Will You Suffer Cardiac Arrest? New Tech May Predict If and When Will You Suffer Cardiac Arrest? New Tech May Predict If and When

COVID-19 fatalities may have captured more attention lately, but heart disease remains the leading cause of death in the U.S. More than 300,000 Americans this year will die of sudden cardiac arrest (also called sudden cardiac death, or SCD), where the heart stops functioning properly.

These events occur suddenly and often without warning, making them nearly impossible to predict. But that may be changing, thanks to 3D imaging and artificial intelligence (AI) technology under study at Johns Hopkins University.

There, researchers are working to develop a way to create more accurate and personalized models of the heart — and not just any heart, your heart, if you’re a patient in need.

“Right now, a clinician can only say whether a patient is at risk or not at risk for sudden death,” says Dan Popescu, PhD, a Johns Hopkins research scientist and first author of a new study on AI’s ability to predict sudden cardiac arrest survival. “With this new technology, you can have much more nuanced predictions of probability of an event over time.”

Put another way: By harnessing AI, clinicians may be able to not only predict if a patient is at risk, but also when an event is most likely to occur. And they can do this by having a much clearer and more personalized look at the electrical “wiring” of your heart.

Your Heart, the Conductor

Your heart isn’t just a metronome responsible for keeping a steady stream of blood pumping to tissues with every beat. It’s also a conductor through which vital energy flows.

To make the heart beat, naturally occurring electrical impulses flow from top to bottom. Healthy heart cells relay this electricity seamlessly. But in a heart damaged by inflammation or a past event (like a heart attack), scar tissue will inhibit the energy flow.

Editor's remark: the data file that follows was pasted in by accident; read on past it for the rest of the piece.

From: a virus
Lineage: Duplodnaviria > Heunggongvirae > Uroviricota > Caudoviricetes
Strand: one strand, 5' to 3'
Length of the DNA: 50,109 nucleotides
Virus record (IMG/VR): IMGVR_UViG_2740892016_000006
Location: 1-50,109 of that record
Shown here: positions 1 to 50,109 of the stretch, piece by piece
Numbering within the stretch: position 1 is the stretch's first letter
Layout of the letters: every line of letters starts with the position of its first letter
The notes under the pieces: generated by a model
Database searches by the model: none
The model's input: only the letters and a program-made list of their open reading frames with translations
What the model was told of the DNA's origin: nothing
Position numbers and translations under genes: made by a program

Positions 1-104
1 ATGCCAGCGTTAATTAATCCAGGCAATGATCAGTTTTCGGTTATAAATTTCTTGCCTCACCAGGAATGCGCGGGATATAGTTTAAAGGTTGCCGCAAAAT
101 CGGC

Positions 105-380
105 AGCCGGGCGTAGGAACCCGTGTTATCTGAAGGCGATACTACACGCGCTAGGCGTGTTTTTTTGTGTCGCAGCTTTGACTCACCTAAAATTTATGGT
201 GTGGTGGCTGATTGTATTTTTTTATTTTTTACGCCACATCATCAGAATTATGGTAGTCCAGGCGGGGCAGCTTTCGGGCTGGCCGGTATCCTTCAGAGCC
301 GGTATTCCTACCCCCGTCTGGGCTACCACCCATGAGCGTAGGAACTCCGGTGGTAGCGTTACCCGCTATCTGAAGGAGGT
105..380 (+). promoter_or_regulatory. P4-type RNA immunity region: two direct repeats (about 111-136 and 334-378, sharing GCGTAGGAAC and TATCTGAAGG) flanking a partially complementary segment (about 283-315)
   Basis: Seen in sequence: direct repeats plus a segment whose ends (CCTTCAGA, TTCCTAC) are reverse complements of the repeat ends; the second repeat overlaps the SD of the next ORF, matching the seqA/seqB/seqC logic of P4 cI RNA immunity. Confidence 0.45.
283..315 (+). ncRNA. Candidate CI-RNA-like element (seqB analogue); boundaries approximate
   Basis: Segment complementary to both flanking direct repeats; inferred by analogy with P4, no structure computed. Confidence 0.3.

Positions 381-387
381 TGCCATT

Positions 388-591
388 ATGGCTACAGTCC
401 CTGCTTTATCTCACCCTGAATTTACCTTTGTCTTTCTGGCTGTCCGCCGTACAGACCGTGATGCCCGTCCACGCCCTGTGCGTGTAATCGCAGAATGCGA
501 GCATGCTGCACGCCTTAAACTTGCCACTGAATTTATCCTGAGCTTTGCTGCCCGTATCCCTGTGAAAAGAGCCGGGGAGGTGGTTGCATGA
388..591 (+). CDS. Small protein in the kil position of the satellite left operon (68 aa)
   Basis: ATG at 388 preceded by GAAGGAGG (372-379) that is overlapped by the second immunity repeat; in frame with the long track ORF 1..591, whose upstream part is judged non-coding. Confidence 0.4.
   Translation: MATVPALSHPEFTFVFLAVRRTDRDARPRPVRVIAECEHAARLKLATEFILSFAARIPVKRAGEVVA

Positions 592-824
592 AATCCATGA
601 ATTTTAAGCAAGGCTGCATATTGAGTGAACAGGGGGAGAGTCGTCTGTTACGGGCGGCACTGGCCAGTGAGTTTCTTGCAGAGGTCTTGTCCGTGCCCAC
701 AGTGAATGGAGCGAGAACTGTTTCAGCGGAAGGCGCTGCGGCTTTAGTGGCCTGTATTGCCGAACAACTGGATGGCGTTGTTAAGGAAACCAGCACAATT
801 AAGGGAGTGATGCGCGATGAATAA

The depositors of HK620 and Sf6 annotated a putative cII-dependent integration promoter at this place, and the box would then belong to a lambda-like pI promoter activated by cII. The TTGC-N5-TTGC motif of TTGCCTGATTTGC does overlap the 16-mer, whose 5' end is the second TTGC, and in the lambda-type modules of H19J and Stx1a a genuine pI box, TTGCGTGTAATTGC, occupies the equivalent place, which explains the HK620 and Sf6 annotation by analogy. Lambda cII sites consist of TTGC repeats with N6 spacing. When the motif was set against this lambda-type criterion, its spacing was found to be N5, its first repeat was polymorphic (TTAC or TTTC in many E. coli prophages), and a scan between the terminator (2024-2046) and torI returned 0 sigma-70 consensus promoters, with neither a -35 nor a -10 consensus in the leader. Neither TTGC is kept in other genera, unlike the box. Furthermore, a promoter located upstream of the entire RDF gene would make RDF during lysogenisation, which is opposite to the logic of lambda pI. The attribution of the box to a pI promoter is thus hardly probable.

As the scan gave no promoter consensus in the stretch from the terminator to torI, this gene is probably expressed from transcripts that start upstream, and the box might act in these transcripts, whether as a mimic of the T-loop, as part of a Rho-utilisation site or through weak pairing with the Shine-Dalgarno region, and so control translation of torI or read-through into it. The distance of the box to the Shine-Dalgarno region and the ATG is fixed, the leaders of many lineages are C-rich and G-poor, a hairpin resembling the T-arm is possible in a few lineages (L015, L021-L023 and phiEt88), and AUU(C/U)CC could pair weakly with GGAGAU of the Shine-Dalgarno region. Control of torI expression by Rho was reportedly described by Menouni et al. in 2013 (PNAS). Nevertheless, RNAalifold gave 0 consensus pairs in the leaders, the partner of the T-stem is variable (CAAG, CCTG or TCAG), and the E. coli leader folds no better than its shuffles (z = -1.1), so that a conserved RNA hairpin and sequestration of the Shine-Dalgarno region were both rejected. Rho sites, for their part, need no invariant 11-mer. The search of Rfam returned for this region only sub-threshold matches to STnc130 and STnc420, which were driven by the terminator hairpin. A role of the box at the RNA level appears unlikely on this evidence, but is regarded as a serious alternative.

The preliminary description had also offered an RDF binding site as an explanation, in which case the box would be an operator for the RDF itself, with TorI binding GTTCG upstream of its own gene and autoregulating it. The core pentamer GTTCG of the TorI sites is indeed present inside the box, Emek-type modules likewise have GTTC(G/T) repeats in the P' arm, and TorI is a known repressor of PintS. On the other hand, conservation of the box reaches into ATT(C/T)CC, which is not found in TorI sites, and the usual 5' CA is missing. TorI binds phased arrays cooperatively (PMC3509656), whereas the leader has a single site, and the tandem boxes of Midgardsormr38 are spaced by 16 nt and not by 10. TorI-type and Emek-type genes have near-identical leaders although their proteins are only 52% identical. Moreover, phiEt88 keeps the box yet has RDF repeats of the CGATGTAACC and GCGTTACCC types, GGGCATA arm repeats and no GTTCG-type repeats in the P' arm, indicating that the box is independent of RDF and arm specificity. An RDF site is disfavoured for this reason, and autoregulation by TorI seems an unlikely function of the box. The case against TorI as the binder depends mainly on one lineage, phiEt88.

When an electrical impulse encounters a scarred area, the signal can become erratic, disrupting the set top-to-bottom path and causing irregular heartbeats (arrhythmias), which increase one’s danger of sudden cardiac death.

Seeing the Heart in 3D

Today’s available diagnostics offer some insights into the heart’s makeup. For example, magnetic resonance imaging (MRI) scans can reveal damaged areas. Positron emission tomography (PET) scans can show inflammation. And electrocardiograms (EKGs) can record the heart’s electrical signals from beat to beat.

But all these technologies offer only a snapshot, showing heart health at a moment in time and unable to predict future events. Which is why scientists at Johns Hopkins are going further to develop 3D digital replicas of a person’s heart, known as computational heart models.

Computational models are computer-simulated replicas that combine mathematics, physics, and computer science. These models have been around for a long time and can be used in many fields ranging from manufacturing to economics.

In heart medicine, these models are populated with digital “cells,” which imitate living cells and can be programmed with different electrical properties depending on whether they are healthy or diseased.

“Currently available imaging and testing (MRIs, PETs, EKGs) give some representation of the scarring, but you can not translate that to what is going to happen over time,” says Natalia Trayanova, PhD, MS, of Johns Hopkins Department of Biomedical Engineering.